RedMonk released its June 2019 programming language rankings on Thursday. The ranking is based on its analysis of developer chatter on coder knowledge-sharing site, Stack Overflow, and the number of projects in a language on Microsoft-owned open source code-hosting repository Github.
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RedMonk makes no claim that its rankings reflect how widely a language is used, but trends, such as TypeScript's rise, can suggest future adoption or abandonment of a given language. In March, RedMonk analyst Stephen O'Grady said "TypeScript's trajectory is significant and sustainable".
In the June quarterly report, TypeScript was the only major mover among the top 10 list, with other rankings at the top remaining static, with the exception of C++ rising one spot to tie at 5th with C#.
TypeScript meanwhile leapfrogged Objective-C and Swift, which was ranked 11th in the earlier report. Apple released Swift as a successor to Objective-C in 2014.
O'Grady thinks TypeScript may have surpassed Objective-C and Swift due to competition between the two languages, but he added that TypeScript's rise was "no fluke".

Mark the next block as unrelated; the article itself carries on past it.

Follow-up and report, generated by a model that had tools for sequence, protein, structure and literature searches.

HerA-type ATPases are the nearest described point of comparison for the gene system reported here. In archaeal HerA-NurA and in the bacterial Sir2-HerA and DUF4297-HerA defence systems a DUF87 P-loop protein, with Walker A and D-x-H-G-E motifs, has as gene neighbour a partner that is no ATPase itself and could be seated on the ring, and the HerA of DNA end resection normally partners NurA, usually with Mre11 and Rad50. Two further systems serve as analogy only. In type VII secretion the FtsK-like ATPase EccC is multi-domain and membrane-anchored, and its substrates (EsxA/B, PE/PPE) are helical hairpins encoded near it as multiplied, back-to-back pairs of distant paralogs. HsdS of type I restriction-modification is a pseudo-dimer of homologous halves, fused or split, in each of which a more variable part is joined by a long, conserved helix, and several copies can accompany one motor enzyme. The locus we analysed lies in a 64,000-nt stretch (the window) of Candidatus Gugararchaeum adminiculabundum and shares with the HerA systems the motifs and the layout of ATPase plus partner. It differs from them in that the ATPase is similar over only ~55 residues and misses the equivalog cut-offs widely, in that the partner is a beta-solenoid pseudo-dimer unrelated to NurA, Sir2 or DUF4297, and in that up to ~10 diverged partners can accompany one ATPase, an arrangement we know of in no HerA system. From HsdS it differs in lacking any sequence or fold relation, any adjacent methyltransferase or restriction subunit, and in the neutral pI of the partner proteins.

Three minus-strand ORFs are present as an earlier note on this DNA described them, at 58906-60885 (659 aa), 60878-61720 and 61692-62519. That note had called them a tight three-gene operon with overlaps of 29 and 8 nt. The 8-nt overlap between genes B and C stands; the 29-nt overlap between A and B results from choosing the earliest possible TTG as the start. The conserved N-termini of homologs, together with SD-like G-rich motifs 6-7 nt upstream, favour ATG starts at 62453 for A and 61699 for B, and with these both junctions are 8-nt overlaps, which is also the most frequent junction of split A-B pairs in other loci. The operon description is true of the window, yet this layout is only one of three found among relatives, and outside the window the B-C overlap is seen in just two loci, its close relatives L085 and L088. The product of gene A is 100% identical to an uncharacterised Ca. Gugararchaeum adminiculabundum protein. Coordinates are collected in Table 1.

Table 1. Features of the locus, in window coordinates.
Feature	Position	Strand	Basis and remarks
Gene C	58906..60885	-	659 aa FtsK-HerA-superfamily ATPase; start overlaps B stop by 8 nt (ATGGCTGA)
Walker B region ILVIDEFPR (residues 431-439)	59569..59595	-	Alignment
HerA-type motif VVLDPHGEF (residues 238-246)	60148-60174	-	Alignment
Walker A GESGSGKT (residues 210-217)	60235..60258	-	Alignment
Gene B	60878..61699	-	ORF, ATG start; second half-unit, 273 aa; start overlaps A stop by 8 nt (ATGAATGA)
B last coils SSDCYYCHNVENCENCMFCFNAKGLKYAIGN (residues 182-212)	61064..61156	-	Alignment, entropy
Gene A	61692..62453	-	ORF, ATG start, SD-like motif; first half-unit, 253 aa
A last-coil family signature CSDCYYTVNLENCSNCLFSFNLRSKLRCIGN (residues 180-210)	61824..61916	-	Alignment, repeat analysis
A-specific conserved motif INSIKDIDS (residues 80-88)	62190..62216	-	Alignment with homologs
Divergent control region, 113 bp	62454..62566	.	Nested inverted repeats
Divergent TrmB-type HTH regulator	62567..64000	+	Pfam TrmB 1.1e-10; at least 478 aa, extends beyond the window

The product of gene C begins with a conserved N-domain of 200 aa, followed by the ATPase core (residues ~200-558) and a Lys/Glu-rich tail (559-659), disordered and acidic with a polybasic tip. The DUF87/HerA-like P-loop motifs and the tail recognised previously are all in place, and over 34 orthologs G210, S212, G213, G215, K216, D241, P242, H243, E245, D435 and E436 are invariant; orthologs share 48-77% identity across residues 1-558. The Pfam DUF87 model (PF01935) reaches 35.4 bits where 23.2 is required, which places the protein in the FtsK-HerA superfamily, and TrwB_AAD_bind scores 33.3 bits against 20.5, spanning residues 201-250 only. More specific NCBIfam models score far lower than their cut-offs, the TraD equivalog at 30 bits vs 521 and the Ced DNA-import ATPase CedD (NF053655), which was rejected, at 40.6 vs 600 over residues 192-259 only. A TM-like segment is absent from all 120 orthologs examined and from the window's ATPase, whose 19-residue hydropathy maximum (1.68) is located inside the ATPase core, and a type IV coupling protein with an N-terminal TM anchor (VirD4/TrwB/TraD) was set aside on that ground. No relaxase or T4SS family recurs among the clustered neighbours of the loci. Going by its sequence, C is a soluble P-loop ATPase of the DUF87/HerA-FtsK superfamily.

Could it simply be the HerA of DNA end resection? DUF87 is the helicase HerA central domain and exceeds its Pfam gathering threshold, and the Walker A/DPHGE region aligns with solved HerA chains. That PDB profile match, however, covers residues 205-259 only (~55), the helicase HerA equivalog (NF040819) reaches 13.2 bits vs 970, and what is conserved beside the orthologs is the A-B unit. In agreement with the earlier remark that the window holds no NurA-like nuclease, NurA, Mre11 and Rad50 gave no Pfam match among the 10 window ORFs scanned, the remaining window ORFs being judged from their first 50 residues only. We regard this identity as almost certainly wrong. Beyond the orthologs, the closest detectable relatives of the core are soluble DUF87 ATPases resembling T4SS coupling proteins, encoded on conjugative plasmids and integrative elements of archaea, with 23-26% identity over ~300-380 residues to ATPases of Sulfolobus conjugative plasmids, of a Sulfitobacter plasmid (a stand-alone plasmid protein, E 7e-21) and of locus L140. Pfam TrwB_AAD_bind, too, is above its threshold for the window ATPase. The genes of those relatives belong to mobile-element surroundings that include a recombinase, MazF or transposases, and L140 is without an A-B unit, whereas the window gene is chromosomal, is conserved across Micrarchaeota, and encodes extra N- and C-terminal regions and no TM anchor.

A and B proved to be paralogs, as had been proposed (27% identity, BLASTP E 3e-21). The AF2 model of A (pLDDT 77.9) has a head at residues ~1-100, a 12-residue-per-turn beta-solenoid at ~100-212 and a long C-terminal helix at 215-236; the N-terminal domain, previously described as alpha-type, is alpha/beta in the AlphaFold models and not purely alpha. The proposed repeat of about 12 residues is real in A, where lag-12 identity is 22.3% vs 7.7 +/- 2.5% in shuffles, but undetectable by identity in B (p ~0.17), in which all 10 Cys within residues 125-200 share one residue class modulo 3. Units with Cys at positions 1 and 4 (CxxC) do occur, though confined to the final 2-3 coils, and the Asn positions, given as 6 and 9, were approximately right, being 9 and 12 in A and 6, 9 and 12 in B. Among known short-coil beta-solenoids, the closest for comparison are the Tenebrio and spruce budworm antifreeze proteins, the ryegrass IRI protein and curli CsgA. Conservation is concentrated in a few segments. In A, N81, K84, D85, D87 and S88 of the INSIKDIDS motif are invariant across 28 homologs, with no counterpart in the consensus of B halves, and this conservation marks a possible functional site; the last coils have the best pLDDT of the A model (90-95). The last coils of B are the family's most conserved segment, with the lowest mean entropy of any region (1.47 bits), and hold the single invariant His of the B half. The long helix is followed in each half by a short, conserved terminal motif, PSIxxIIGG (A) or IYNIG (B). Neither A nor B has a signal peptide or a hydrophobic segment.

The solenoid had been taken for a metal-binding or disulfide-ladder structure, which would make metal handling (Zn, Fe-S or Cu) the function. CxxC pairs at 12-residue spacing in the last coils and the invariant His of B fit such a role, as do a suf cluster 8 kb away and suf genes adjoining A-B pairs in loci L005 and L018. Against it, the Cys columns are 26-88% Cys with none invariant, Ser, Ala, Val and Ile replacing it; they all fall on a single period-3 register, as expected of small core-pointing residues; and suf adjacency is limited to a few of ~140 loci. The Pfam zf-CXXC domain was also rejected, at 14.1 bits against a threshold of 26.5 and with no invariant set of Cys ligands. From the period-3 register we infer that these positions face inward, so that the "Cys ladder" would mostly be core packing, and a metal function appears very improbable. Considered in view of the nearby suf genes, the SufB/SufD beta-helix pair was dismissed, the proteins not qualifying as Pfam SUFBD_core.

"It will be interesting to see if it can sustain this rank, or if like Swift before it, this is a temporary gain. Either way, TypeScript is a language that many are betting on moving forward."
Interestingly, for UK online sports betting giant, Bet365, it was Google's Chromium clampdown on Adobe Flash in 2016 that prompted it to rebuild its site using TypeScript after having success using it to build a mobile site. The Google developers behind Angular are also big fans of TypeScript.
MIT-hatched programming language Julia continues its "glacial" ascent, rising from 33rd spot in the first 2019 report to 32nd in this report. Despite its growth, Julia remains behind "low visibility" languages, including Dart, Elixer, Lua and Matlab. While O'Grady marked Julia as 'one to watch' when it rose to 36th last year, today he noted there's nothing about its movement to "preclude a continued ascent, or even an acceleration of this."
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One to definitely keep an eye on in the coming year is the Mozilla-created Rust, which Microsoft just announced it was exploring as an alternative to C and C++ because it was a more modern "memory-safe" language that could help prevent developers from slipping in code that could become memory-corruption vulnerabilities.
Rust is up two places in RedMonk's ranking to 21st this quarter, just behind popular Android developer language, Kotlin. O'Grady said Rust's rise was a "remarkable accomplishment given Rust's low level, safety-oriented nature."
The remaining top 20 languages are Swift, Objective-C, Scala, Shell, R, PowerShell, Perl, Haskell and Kotlin.